Schneiderman says airport may be linked to landfill water-testing results

Source Of Quogue Water Contamination Unclear

Southampton Town Supervisor Jay Schneiderman is not convinced that the Damascus Road landfill is the source of toxic chemical pollution in Quogue’s groundwater, saying the contamination may stem from Francis S. Gabreski Airport in Westhampton Beach. Independent/Desirée Keegan

Jay Schneiderman isn’t convinced of the source of water contamination in Quogue.

The Southampton Town supervisor called for a deeper investigation to be done November 1, looking into water flow tables and test results at locations near the Damascus Road landfill to determine if it, or other areas, are the source of high levels of perfluorooctanesulfonic and perfluorooctanoic acid. These chemicals, known more commonly as PFOS and PFOA, are linked to health concerns like impaired fetal growth and damage to the liver, kidneys, and pancreas.

In February, the state Department of Environmental Conservation found levels of PFOS 150 times the federal health advisory level at the former Damascus Road landfill in East Quogue. The testing was conducted as part of a broader state investigation into how pollution from closed landfills affects groundwater.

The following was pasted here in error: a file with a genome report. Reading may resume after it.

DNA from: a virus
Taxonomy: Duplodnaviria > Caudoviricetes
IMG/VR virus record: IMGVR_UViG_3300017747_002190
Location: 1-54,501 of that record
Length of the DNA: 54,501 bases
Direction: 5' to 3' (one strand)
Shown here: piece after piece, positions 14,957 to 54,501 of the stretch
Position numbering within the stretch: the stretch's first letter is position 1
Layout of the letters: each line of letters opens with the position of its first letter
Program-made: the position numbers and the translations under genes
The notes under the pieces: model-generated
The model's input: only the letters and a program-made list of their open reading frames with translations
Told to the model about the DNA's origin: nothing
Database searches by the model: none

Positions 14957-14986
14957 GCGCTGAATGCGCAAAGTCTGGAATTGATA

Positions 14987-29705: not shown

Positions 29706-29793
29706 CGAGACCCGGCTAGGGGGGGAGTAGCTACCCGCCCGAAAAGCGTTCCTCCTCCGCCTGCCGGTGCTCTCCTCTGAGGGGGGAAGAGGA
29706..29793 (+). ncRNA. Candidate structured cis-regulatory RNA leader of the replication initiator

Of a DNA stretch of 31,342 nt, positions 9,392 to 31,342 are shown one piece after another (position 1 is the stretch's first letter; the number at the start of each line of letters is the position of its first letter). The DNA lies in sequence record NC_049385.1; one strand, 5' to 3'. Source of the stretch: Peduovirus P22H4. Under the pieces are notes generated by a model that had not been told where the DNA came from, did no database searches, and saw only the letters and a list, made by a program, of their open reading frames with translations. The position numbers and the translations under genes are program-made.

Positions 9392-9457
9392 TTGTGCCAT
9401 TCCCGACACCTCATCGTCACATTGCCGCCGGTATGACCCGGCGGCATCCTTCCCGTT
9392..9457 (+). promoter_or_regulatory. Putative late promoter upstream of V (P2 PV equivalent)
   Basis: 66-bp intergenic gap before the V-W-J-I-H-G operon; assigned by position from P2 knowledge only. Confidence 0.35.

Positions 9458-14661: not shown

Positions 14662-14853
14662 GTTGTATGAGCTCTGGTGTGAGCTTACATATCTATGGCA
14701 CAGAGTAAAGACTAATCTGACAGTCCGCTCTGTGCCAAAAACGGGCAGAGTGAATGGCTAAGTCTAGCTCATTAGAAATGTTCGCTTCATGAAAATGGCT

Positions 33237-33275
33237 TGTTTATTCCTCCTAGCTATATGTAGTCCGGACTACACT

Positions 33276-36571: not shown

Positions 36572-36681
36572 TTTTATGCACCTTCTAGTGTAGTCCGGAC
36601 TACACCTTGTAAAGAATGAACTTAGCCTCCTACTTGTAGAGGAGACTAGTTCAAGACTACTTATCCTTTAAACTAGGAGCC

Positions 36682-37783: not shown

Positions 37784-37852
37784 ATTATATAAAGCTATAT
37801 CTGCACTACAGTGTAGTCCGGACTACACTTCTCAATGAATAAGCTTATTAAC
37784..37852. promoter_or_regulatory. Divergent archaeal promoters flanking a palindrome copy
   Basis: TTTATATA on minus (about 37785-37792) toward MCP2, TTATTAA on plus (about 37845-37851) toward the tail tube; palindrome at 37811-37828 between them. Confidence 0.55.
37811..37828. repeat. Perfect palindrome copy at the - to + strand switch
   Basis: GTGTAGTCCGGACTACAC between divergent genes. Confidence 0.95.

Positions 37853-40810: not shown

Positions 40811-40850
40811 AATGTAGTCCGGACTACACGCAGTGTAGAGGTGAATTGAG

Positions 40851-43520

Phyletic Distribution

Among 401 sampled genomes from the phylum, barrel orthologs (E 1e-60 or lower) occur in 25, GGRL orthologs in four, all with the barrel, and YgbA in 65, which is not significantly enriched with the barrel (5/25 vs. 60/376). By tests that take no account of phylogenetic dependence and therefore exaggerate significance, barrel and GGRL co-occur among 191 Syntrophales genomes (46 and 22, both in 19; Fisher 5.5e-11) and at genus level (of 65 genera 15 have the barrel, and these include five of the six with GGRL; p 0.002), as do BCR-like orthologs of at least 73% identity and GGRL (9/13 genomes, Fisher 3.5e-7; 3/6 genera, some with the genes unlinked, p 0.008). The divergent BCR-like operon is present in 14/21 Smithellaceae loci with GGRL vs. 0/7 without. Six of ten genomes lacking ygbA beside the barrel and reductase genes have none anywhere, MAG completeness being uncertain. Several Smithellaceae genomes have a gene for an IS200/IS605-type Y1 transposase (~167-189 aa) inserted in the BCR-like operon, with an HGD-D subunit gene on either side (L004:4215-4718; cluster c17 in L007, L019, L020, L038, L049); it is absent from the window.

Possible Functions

The town provided bottled water to residents after further testing revealed PFOS was detected in 45 private wells within the area. Point-of-entry treatment systems were installed at two wells to treat hot and cold water through the main water line, where water first enters a home. The DEC listed the parcel as a problem or Class “P” site, or possible Superfund site, and the town was ordered to begin an investigation.

Superfund allows the EPA to clean up contaminated sites. It also forces the parties responsible for the contamination to either perform cleanups or reimburse the government for EPA-led cleanup work. When there is no viable responsible party, Superfund gives EPA the funds and authority to clean up contaminated sites.

During the DEC’s original testing, 11,200 parts per trillion of PFAS and 424 parts per trillion of PFOA were detected. Health advisories limit the contaminants to a combined 70 parts per trillion. When the wells were tested again in August by Eric Weinstock, from engineering company Wood Group, formerly known as Amec Foster Wheeler, 4050 parts per trillion of PFOS and 96 parts per trillion of PFOA were found.